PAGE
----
NPH is a pretty big organization, founded 30 years ago (after a successful start in Guatemala). In Honduras there are 500 kids that live there, basically out in the woods in a large complex of houses, schools, a large vegetable garden, store, kitchen, chapel, etc. They have come because they are orphaned, or cannot be taken care of by their parents, or they have gotten into some kind of trouble. At NPH they go to school and live in "hogares" or homes with other kids. The hogares are headed by "tíos" or "tías" who are like the dorm parents. It's about 1 tío to every 7 kids. It's very beautiful, with pine trees and mountain trails, birds and frogs singing along the paths.

When I arrived Tezra showed me her house where she lives with 5 other volunteers (there are about 30 in all), and then we headed over to dinner with her hogar. That was especially interesting: as we were walking down the paths, a brigade of people carrying coolers passed us going the other way. Tezra explained that the food is cooked in the kitchen, and then carried to the different hogares in the coolers. The drink is transported in a big bucket with a wheelbarrow. Haha!

The big meal of the day is lunch, so for dinner we had a modest meal of eggs, tortillas, and cheese. And the drink was a hot juice/tea. It was just fine. The kids come with their plates and get a spoonful of food before they sit down to eat. It was one of the girls' birthdays, so Tezra had made a chocolate/plantain cake for everyone in the hogar to share (about 28 girls).

After dinner, we went to the common room of the hogar (there is a bed room with bunks 3 high, a bathroom area with common sinks, and the common room, which has open space and some chairs and tables, and some of the girls' lockers. They had a religion class time, before bed. The girls in Tezra´s hogar are 10-14 years old, and they are all pretty spunky. Lots of dancing and laughing and shouting. It was fun.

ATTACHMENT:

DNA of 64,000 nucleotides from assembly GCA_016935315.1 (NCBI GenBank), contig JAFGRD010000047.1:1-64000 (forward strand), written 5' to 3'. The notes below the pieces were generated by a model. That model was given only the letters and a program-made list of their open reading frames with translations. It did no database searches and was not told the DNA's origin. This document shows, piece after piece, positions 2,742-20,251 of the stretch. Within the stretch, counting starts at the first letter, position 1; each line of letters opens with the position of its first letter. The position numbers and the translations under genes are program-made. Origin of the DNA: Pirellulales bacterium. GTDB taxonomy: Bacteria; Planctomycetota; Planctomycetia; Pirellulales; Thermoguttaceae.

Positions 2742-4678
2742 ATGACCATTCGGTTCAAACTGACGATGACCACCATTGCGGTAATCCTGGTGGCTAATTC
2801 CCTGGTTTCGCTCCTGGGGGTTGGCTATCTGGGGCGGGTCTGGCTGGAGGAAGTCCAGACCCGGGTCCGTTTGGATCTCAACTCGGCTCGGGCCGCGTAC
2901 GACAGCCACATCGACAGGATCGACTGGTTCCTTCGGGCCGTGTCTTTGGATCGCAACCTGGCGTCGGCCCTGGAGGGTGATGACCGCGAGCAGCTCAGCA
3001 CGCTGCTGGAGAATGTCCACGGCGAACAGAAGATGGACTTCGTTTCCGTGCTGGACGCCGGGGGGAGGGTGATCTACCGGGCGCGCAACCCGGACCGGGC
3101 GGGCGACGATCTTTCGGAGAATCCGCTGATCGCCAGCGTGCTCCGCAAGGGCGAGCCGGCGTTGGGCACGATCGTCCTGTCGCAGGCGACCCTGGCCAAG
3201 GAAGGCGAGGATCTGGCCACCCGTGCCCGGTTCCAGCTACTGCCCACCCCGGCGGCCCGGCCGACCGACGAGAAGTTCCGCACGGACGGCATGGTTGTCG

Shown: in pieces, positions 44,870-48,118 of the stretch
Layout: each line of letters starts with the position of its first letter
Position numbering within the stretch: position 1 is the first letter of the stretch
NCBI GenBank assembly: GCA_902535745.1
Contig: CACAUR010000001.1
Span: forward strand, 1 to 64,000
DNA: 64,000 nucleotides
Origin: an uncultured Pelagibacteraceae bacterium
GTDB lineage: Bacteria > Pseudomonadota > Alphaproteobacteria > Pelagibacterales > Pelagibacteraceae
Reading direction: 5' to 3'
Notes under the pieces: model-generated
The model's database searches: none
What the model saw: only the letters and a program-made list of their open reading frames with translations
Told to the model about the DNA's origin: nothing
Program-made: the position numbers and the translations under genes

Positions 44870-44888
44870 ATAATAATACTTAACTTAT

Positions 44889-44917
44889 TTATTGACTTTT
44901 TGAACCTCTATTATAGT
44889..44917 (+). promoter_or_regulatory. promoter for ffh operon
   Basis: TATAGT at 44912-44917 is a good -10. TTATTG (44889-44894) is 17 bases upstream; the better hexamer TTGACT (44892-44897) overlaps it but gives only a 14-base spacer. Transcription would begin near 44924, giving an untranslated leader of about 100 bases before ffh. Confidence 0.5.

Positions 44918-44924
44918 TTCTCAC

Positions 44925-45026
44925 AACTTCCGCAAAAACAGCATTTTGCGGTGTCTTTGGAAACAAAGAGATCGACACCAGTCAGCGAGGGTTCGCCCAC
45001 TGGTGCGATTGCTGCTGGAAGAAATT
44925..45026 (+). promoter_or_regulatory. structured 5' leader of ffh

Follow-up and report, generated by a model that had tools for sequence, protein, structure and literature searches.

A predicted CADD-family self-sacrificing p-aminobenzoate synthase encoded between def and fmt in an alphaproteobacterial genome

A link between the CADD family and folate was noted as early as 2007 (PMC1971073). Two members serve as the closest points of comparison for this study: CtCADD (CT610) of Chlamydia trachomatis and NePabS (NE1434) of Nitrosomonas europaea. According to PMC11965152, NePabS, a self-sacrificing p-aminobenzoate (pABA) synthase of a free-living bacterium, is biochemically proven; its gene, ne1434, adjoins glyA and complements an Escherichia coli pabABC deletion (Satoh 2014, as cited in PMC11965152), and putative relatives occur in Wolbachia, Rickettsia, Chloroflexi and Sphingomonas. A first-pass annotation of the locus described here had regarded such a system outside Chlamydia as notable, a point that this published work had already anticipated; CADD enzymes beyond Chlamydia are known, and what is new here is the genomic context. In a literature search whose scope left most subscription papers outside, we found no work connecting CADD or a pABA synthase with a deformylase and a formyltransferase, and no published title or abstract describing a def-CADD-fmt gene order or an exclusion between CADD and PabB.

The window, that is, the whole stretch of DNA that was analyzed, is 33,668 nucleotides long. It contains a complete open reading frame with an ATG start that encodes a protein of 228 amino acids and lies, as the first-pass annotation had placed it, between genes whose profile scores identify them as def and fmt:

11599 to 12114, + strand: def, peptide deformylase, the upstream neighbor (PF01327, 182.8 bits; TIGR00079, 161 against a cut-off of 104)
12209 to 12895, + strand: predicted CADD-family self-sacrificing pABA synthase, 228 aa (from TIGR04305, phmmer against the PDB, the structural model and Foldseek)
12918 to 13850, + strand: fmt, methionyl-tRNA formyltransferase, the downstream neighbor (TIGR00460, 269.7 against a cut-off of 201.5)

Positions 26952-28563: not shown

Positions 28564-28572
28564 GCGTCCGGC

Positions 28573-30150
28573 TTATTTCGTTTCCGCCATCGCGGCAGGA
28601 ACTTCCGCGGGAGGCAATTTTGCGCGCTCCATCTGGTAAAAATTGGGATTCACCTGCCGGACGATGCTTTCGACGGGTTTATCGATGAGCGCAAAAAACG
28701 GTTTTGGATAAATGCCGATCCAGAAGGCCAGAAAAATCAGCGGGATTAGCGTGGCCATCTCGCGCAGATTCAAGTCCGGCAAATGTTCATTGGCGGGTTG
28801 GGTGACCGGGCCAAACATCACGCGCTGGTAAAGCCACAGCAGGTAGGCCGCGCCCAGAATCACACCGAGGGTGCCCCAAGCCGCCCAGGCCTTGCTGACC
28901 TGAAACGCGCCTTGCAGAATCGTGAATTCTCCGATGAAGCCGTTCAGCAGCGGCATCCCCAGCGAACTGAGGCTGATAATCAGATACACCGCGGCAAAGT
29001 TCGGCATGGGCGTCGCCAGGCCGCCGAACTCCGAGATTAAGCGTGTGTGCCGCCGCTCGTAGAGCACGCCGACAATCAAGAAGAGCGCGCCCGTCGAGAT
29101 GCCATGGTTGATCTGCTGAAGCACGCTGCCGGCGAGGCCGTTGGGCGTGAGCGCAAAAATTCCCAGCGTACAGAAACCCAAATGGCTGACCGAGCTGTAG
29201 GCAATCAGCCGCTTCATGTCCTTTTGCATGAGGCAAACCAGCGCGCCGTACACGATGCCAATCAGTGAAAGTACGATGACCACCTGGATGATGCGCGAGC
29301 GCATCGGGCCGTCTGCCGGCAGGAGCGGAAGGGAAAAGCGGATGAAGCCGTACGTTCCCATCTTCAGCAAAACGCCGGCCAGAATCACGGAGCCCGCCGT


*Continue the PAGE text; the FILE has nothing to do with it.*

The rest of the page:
And yes, hopping Tezra… Tezra currently has a cast on her leg, so she did a lot of springing around while the girls played with her crutches. It's a long walk between the buildings on the campus, so I'm sure she will be glad to have the cast off in two weeks.

The next day I went with a group of the volunteers back to the city to the immigration office so that they could get their Honduran residency. It was quite a long wait (4 hours), and they still have to go back again this week to do some more things. But it was a good chance to spend more time with Tezra and get to know her friends a bit. We had lunch at Pizza Hut. Haha! The strange thing about US chain restaurants in Latin America is that they are fancier, with fancy desert menus and extras like chicken wings and lots of choices of ¨combos.¨ And there is also the obligatory play-place ("Divertilandia" this one was called).

I had a great time! Thanks, Tezra!!!!!